For a long time it felt like an answer was missing, and the answer was to a question I didn't even know. So you can understand the general feeling of unrest I had throughout my young adult hood. I had feelings that I presumed were normal, but somehow I always felt out of place. I did things that I would later look back on and am looking back on now that are clear indicators.
And...the timing of everything seemed so random in the grand scheme of my life yet at the same time it isn't My family is probably shocked and doesn't understand why I'm deciding to quote-on-quote come out now and why it took my so long to do it now that I'm an adult, isn't this something that you discover when you're young?
The difference between me and maybe someone else coming out to their family is that I was raised to believe that this thing was disgusting, that homosexuals were people that were sick. Homosexuals needed to be helped. They needed to be pitied and prayed for. So it was something that I always had in the back of my head and I pushed down deep inside me.
As I grew older and went to college, I always had this open-mindedness towards the LGBT community that my family never understood. My mom told me later on, after I told her I was bisexual, or queer, that she had wondered if I was “that” because of my support for the LGBT community, as well as just having gay friends and for example, designing wedding outfits for two grooms. That's something that maybe, another Muslim or middle eastern girl might not do. So, she said she had her suspicions but nothing with any large evidence.
People ask me, people who don't really understand sexuality will ask me: “Well, how do you know you're bisexual?” And I say, “Well, how do you know you're straight before you ever slept with someone?” I ask them that. They really don;t have an answer, but they just say they're attracted to that gender. I ask them about when they were kids and had crushes on little boys or girls. They just knew they were straight...or rather it was something they didn't really have to think about.
For me, I came to the realization that we are raised your whole life to be straight and everyone assumes you're straight, so you kinda just assume it also till you step back and look at yourself in the mirror. Now I'm like, well shit! Now everything makes sense now! It makes sense how I have this masculine side to me that I just don't understand.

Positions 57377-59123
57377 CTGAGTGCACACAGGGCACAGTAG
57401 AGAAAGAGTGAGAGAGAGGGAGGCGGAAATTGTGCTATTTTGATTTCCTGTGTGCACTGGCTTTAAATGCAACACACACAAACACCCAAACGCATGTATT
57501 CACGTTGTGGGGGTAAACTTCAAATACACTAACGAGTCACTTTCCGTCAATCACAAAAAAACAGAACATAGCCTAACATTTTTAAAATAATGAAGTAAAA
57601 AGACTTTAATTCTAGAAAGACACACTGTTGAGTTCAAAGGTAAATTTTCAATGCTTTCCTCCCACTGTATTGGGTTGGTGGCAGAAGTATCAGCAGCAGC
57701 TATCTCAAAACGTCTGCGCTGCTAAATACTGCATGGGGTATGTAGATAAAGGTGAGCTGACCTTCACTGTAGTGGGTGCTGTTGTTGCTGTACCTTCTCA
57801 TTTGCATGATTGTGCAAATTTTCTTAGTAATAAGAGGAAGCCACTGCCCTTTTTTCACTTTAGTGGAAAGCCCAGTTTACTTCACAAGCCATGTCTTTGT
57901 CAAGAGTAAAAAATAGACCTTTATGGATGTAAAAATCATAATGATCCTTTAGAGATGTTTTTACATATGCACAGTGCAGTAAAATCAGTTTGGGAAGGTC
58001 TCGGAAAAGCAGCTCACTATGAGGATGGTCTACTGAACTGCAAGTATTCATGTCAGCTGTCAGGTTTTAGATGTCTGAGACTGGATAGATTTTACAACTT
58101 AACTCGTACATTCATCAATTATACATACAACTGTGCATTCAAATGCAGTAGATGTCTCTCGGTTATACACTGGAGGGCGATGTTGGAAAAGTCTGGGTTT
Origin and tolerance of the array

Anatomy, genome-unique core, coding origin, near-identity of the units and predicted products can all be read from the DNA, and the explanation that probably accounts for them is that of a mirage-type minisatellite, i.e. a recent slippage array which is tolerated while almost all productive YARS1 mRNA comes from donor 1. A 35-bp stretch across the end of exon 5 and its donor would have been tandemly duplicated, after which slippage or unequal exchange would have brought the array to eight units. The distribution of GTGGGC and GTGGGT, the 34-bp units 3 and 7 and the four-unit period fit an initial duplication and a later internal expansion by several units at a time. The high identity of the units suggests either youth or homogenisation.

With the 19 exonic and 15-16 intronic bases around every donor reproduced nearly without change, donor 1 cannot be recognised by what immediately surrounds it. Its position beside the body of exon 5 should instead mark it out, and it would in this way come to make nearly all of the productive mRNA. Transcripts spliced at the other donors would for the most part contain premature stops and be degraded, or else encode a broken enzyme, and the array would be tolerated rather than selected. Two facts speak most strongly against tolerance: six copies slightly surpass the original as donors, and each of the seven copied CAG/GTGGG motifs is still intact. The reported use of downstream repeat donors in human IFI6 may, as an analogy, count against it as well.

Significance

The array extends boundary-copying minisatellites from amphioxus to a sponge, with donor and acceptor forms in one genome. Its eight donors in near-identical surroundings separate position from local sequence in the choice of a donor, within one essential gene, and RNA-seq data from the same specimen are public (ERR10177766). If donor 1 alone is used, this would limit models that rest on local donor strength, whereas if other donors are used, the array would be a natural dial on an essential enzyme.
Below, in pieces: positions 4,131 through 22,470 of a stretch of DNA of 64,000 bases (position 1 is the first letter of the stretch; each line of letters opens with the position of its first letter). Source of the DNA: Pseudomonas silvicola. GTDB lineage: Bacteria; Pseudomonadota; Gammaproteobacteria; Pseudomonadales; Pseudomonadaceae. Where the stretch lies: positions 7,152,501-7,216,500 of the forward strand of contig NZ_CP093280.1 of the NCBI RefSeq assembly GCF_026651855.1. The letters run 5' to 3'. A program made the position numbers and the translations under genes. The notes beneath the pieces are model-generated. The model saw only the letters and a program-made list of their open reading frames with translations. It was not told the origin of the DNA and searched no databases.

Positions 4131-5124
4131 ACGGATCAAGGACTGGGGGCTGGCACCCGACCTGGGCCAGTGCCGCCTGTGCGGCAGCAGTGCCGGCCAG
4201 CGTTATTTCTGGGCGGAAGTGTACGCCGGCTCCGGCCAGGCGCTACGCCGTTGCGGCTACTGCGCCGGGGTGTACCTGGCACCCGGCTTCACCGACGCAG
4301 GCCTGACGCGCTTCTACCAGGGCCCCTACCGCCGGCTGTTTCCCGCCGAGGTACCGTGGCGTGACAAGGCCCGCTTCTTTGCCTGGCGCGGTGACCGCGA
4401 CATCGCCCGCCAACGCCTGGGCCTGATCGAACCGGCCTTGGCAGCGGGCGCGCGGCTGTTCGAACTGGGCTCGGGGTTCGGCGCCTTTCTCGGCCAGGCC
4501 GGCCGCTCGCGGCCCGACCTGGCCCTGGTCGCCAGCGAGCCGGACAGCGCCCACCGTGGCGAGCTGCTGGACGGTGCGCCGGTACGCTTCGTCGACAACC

Growing up I was always a tomboy, but at the same time I always loved art and clothes and all the things that were stereo-typically feminine. And, I would wanna play the prince in our games, and I would cut off the barbie doll's hair and have her play “prince” in the game. All these little things when I was a kid, I remember thinking in middle school- looking back on it- it was probably my first girl crush.
This girl, she had like auburn hair, freckles, hazel eyes, and this was in middle school. So she was just a kid, we were all kids. She was just the cutest thing. I don't even remember recognizing that it was a girl crush, because I was taught by society to know what it felt like to have a crush on a boy, but I never knew what it felt like to have a crush on a girl, which is different in a way. But, the only thing I remember is just really wanting to be her friend. It sounds so silly and cute but I remember when I moved away, I wrote her a letter saying I wish we could be friends forever, or something like that, and I gave her a little present. And, looking back on that, I'm like dang! I was really crushing on her.
And, its like, that's not something that's talked about. Not that boy crushed were talked about in my house either. You know, so especially that! In my house, you didn't have a crush on a woman, if you did that meant you were sick. Oh, you need to have a talking-to.
But now, I recognize that that's just the way my brain is wired. That's just the way that I'm wired. It doesn't mean that I'm a deviant, it doesn't mean that I'm being rebellious or trying to be a “snowflake” or any other of that bullshit. You know, people make it seem like its a choice, and it may seem like I am “choosing” to be bisexual or to identify as that right now, when in fact the choice is all in choosing to admit it to yourself or not, and that's the choice that I made..probably a year ago now.
I had told one person, one close friend, and then that turned into telling almost all of my close friends. It feels public when all your close friends know and you can just be yourself around them, but its not public until your family knows, and social media knows. Because (sarcasm) every one knows if it didn't happen on social media it never happened.
Back when I first was identifying privately as bisexual, I thought to myself like damn, this whole time I was involved in activism for the LGBT community, being a supporter and an ally, and I couldn't even admit to myself my feelings about women. How dis-ingenuine of me. And I had that guilt. But now I realize, its not about guilt, its about using my voice in a way that helps other people.
When my mom asked me why I think its important for people to know, its simply the fact that my voice is so random and unique. My mix of identities is so eclectic, that someone out there might identify with me and my story. This mix of identities that I have is so odd, and its been a struggle for me my whole life to try to balance these identities, and every year it gets easier. This is just- being bisexual- is just a small part of a larger whole of all the identities that go into making me. And that's how it is for every person.
A person isn't just gay, they're also Indian, and raised in Canada, studying to be an architect, and etc etc... Every person is multi-dimensional, and that's why I need to use my voice to bring awareness to how real people are, and to bring more compassion into the world.